Two Lesser Whitethroats, Willow Warblers, Common Whitethroats and Chiffchaffs also noted in the scrub, plus a spanking male Black Redstart on the power station.

                                Ring Ouzel, Dungeness

The guests certainly enjoyed a wide variety of birds during their stay with 96 species logged, the highlights being Purple Heron, Bean Geese and Ring Ouzels, plus a supporting cast of Black-necked Grebe, Hobby, LRP, Barwits, Arctic and Great Skuas, Little Gull, Cuckoo, Yellow Wagtail, Black Redstart, Tree Sparrow and Corn Bunting.

                                Half a Black-winged Stilt, New Excavations

Black-winged Stilts, Dungeness RSPB - At around 1100hrs Douglas and Wendy Stewart were checking out the Bearded Tits behind Christmas Dell hide when they noticed a flock of ten waders on the flooded hayfield. Doug managed a few pics and they were soon confirmed as Black-winged Stilts - all ten of them! Unfortunately, they were flushed around noon, presumably by a Marsh Harrier, although it was unclear exactly in which direction the flock flew. However, another bird (11th?) was located on a bund on New Excavations, which by the time I arrived, about 1400hrs, spent most of its time hunkered down and partially obscured by vegetation and gulls. Still, they all count towards that year list...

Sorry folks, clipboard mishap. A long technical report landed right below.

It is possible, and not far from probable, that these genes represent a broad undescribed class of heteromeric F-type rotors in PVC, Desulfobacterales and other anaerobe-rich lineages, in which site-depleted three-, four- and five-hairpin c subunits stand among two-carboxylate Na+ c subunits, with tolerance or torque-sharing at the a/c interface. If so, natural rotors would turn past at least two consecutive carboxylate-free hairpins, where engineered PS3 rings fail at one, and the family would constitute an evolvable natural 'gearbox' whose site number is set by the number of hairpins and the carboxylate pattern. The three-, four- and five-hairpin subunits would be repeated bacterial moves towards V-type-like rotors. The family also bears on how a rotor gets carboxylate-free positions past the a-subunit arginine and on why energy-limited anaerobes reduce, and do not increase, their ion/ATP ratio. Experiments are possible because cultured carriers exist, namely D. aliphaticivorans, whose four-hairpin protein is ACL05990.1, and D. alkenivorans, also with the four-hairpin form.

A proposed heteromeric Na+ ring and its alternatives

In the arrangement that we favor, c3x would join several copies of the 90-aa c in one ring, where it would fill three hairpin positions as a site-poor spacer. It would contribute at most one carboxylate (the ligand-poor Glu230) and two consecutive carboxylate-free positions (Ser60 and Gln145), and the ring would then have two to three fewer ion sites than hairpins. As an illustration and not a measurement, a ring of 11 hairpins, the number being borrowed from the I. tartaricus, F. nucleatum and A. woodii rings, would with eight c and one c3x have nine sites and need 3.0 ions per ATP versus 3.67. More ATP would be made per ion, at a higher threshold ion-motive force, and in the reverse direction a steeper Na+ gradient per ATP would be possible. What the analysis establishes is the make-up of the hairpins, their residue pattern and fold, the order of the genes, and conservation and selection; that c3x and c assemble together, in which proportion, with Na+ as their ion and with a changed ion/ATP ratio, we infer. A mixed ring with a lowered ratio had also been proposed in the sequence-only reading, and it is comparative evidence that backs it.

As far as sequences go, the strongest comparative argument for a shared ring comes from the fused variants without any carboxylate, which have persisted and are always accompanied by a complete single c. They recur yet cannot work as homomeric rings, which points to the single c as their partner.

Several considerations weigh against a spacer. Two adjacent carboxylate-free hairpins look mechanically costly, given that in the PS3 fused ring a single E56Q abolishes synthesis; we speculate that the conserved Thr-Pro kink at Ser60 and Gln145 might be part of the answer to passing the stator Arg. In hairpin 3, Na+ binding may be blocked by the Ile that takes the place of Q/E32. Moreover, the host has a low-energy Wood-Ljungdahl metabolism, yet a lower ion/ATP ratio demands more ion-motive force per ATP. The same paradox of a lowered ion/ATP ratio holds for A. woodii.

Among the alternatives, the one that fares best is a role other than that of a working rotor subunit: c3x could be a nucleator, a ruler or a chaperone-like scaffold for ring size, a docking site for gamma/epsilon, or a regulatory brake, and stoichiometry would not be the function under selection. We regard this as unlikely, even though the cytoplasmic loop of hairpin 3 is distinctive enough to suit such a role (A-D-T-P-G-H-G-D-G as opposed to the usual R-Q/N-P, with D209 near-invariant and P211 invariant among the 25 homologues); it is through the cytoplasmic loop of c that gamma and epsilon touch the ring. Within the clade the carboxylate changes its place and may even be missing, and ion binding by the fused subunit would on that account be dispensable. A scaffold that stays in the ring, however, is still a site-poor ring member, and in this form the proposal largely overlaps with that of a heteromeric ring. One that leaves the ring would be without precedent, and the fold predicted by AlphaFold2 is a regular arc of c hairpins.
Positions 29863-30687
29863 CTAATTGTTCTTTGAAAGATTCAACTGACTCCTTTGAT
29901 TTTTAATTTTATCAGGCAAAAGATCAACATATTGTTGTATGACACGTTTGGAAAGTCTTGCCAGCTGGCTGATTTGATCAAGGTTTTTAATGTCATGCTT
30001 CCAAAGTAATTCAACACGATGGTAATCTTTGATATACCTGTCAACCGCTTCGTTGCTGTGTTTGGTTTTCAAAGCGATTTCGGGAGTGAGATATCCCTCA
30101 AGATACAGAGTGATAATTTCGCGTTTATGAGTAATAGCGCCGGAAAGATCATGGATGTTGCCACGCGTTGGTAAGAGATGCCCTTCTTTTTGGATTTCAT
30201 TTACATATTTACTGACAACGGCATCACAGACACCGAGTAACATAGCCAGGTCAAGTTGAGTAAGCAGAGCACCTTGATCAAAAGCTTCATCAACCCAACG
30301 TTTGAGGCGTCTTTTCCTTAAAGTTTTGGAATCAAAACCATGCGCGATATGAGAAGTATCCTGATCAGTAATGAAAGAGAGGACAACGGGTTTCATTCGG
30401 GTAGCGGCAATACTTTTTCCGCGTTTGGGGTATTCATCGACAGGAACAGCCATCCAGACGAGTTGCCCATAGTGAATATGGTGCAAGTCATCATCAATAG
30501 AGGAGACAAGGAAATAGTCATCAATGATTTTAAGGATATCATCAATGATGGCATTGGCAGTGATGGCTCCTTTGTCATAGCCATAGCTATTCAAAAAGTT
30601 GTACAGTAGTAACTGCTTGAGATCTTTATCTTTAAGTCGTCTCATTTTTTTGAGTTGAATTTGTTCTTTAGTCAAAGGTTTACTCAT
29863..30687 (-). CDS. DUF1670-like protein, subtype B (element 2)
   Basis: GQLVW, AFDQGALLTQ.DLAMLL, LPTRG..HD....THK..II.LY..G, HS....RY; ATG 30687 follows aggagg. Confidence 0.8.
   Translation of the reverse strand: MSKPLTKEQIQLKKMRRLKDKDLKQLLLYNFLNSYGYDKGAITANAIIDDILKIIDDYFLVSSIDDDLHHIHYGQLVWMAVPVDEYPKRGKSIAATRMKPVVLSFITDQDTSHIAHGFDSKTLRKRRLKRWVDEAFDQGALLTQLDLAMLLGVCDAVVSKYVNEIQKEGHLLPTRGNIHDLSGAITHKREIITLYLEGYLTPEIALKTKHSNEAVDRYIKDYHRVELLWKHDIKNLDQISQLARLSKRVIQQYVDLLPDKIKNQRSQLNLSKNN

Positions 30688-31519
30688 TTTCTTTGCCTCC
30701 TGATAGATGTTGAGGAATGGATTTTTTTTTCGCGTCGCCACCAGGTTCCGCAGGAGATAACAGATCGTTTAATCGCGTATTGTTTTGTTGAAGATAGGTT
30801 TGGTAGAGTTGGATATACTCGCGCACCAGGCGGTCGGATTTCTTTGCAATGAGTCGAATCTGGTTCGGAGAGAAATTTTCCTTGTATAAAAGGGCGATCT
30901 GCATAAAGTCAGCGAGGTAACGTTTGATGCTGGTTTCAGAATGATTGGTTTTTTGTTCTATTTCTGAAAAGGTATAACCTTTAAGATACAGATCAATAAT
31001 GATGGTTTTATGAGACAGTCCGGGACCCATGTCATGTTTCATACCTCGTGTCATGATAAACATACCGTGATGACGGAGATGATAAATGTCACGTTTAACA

A great find by Douglas and Wendy, but if only that flock had stayed a while longer...

    Black-winged Stilts, Dungeness RSPB (by Douglas Stewart)

Wednesday, 23 April 2014

Bonxies & Bean Geese